For most of us, the thought of our nude photos getting disseminated on the web fills us with dread. Digital artistMolly Soda, however, saw it an opportunity for a new art project. With her latest collection of photos titled "should i send this" (embedded in the slide-show above), the 26-year-old is finally "leaking" all the NSFW photos she ever debated sending. Soda published the project as a zine on NewHive, a media-sharing platform where she frequently posts her work. With vulnerable texts like "i touched myself and thought about how last night at the party you told me there was a light behind my eyes," she comfortably acknowledges her longing for intimacy, the feminist power of self-portraiture and the inhibitions that can come with sharing online. We chatted with Soda below about her new work..
How did you come up with the idea for this project?
I had been keeping all of these notes on my phone of thoughts and things I wanted to say to people, etcetera. I felt sort of apprehensive about sharing them -- which seemed weird for me since I am known to overshare online. It was a way for me to purge all of those thoughts in order to move on, and a way for me to achieve a new level of open-ness online.
I haven't had sex in 9 months -- I started to think about what would happen if I never was able to feel connected to someone intimately ever again. There's sort of this looming feeling of "dying alone" that starts to happen. I wanted to address that.
Was your intention when you took these photos to send them to a specific person?
I don't send nudes. I haven't sent a nude or a sext since 2012. I take them often -- sometimes when I'm sad, sometimes when I genuinely think I look good and they just sort of sit on my phone and live there until I run out of space and delete them. When I take a nude it is never my intention to send it -- I photograph myself constantly but I'd say I only publish 10% of those photos (nude or not).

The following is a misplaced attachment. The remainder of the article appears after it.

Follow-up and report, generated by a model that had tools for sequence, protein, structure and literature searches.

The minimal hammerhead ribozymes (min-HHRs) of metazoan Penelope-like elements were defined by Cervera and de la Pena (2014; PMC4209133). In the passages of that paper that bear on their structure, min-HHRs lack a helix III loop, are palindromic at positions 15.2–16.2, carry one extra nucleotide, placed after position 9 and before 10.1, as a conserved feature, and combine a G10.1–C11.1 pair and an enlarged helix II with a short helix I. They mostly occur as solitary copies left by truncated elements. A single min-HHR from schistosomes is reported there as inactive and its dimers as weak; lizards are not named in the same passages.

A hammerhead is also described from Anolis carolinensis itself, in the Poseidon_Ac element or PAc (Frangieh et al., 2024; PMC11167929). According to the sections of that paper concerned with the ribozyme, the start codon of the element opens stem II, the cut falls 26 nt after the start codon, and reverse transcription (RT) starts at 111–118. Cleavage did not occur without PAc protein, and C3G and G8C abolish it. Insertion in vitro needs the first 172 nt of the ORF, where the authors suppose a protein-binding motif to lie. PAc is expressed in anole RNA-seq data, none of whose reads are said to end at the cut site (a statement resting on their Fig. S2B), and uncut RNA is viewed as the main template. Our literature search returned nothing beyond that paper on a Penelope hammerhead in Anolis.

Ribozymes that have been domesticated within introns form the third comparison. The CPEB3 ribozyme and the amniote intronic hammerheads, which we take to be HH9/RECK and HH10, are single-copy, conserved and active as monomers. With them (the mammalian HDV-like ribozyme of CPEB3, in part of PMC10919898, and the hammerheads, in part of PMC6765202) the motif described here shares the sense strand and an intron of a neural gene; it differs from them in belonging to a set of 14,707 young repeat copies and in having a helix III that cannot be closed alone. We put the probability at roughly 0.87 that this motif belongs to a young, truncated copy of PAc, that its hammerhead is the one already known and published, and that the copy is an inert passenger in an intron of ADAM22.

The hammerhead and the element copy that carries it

The phrase "leaked" suggests these photos are online against your will. How have you leaked your own nudes?
I do think there is a bit of a stigma around using the term "leaked." I think that sensationalizes them. Perhaps the proper term would be "published," but, on the other hand, I had no intention of sharing or sending them to anyone when I took them.
What do you want people to feel when they see these texts and photos?
I published this because I thought people could feel connected to it -- not connected to photos of my naked body but connected to the text and the thoughts expressed through the zine. I think we all have unsent thoughts/images that are just sort of overflowing because of our fear of being too "forward" or "sincere" or "intense." That fear keeps us from sharing.
Do you still identify with the text messages that you have written?
A little bit for sure. I don't always feel so lonely... it comes in waves.
How does this work align with your other pieces and your feminist mission as an artist.
I think any photograph a woman takes of herself is inherently feminist -- she's in control of the way her body is depicted. Selfies are so feminist to me. Any woman "feeling herself" is feminist.
Also as feminists I think we are told to be independent and not to desire romantic love... and that's a lot of societal conditioning to undo. I wanted to sort of address that need for romantic love/intimacy instead of trying to suppress that and feel shameful about it.